But if it's not him, it's, well, it's not him.

Does it have to be him? An image of a child could work, right? You could use a rhetorical device to indicate that the picture is him, or isn't him. Depends on your comfort with humor.

Let's use Flickr's Creative Commons portal to search for a picture.

Mr. Rodoff, what do you think? I even gray-scaled it to make it look, um...older.

I think that's clearly not Shakespeare! He looks so sad. Why did you choose that picture?
Well, I'm going to talk about the relationship he had with his father next, and I didn't come across anything that conveyed happiness about that relationship, so I thought this image conveyed some emptiness.

So now that you've revamped your title slide, do you think this one fits?
Well, it has information.

Do the students 'need' that information? Are you testing on this information?
No, but how will they get this information without that slide?

But they'll want to read it. They won't want to listen to me.

But they should. And that's your responsibility. That's your task. They didn't choose to attend your presentation. Requirements for graduation dictated what class and when they'd attend, but whenever you are asked to present, it's up to you to gather their attention. Your slides will provide some visual reinforcement, some figurative extension, of what you are presenting.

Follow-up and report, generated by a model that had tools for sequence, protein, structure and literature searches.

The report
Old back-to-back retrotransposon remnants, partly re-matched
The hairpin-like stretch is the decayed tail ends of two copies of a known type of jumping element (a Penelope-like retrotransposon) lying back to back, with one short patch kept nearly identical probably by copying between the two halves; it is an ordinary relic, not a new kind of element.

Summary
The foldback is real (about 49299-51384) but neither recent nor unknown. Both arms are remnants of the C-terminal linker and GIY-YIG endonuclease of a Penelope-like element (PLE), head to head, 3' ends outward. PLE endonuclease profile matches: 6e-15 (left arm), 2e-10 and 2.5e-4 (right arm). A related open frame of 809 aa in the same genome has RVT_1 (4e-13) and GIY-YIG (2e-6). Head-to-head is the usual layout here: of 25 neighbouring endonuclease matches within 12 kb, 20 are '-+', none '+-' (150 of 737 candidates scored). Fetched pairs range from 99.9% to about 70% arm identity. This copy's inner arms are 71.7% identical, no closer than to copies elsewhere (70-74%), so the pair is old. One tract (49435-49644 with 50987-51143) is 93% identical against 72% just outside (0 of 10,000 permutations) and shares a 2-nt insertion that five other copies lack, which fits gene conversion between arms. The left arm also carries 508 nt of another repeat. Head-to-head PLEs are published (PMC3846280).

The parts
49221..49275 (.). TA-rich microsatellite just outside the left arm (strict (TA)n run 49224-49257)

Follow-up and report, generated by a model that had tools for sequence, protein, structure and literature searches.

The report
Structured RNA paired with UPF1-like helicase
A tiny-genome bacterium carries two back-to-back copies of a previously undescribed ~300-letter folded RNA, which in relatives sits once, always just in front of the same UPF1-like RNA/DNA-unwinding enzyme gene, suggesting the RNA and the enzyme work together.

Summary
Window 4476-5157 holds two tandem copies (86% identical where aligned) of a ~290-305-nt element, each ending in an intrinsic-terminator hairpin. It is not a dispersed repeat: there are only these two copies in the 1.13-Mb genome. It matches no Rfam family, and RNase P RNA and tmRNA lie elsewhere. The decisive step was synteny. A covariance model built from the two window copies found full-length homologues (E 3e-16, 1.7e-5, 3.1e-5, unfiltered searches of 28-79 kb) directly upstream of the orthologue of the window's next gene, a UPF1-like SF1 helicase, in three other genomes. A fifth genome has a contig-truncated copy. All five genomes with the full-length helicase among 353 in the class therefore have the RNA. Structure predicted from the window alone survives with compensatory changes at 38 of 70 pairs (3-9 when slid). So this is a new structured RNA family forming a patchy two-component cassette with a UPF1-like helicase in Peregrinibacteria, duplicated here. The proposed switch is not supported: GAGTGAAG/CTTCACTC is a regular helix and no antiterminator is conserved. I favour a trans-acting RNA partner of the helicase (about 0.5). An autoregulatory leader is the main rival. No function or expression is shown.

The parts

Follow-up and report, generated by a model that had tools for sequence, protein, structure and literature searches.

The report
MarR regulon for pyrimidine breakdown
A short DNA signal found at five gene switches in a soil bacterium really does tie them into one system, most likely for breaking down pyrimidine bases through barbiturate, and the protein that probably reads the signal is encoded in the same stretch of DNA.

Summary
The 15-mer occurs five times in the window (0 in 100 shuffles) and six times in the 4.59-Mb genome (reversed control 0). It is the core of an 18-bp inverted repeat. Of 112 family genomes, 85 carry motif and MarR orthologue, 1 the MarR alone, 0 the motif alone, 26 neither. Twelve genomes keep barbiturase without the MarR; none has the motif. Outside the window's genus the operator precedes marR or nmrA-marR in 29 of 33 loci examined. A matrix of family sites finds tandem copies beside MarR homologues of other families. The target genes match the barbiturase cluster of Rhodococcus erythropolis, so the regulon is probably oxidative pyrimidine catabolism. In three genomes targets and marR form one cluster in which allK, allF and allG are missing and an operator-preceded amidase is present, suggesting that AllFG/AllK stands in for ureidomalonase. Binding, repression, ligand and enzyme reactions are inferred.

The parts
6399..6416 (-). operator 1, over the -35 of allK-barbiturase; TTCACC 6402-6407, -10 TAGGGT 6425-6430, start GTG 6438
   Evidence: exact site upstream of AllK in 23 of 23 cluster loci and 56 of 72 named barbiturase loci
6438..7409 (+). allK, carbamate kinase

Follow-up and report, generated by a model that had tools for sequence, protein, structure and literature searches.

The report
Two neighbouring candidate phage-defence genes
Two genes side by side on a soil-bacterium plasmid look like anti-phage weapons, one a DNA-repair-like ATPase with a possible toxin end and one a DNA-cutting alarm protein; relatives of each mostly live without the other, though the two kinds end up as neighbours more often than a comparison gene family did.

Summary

So another image?

Sure. And since you went for the whole gray-scale thing that first time, I'd recommend following that style.
Flickr's Creative Commons?

What do you think?

I hope you know what you are going to say when you present.
I think I do.

I believe you.

Monday, November 10, 2008

confused: reticent - looking to present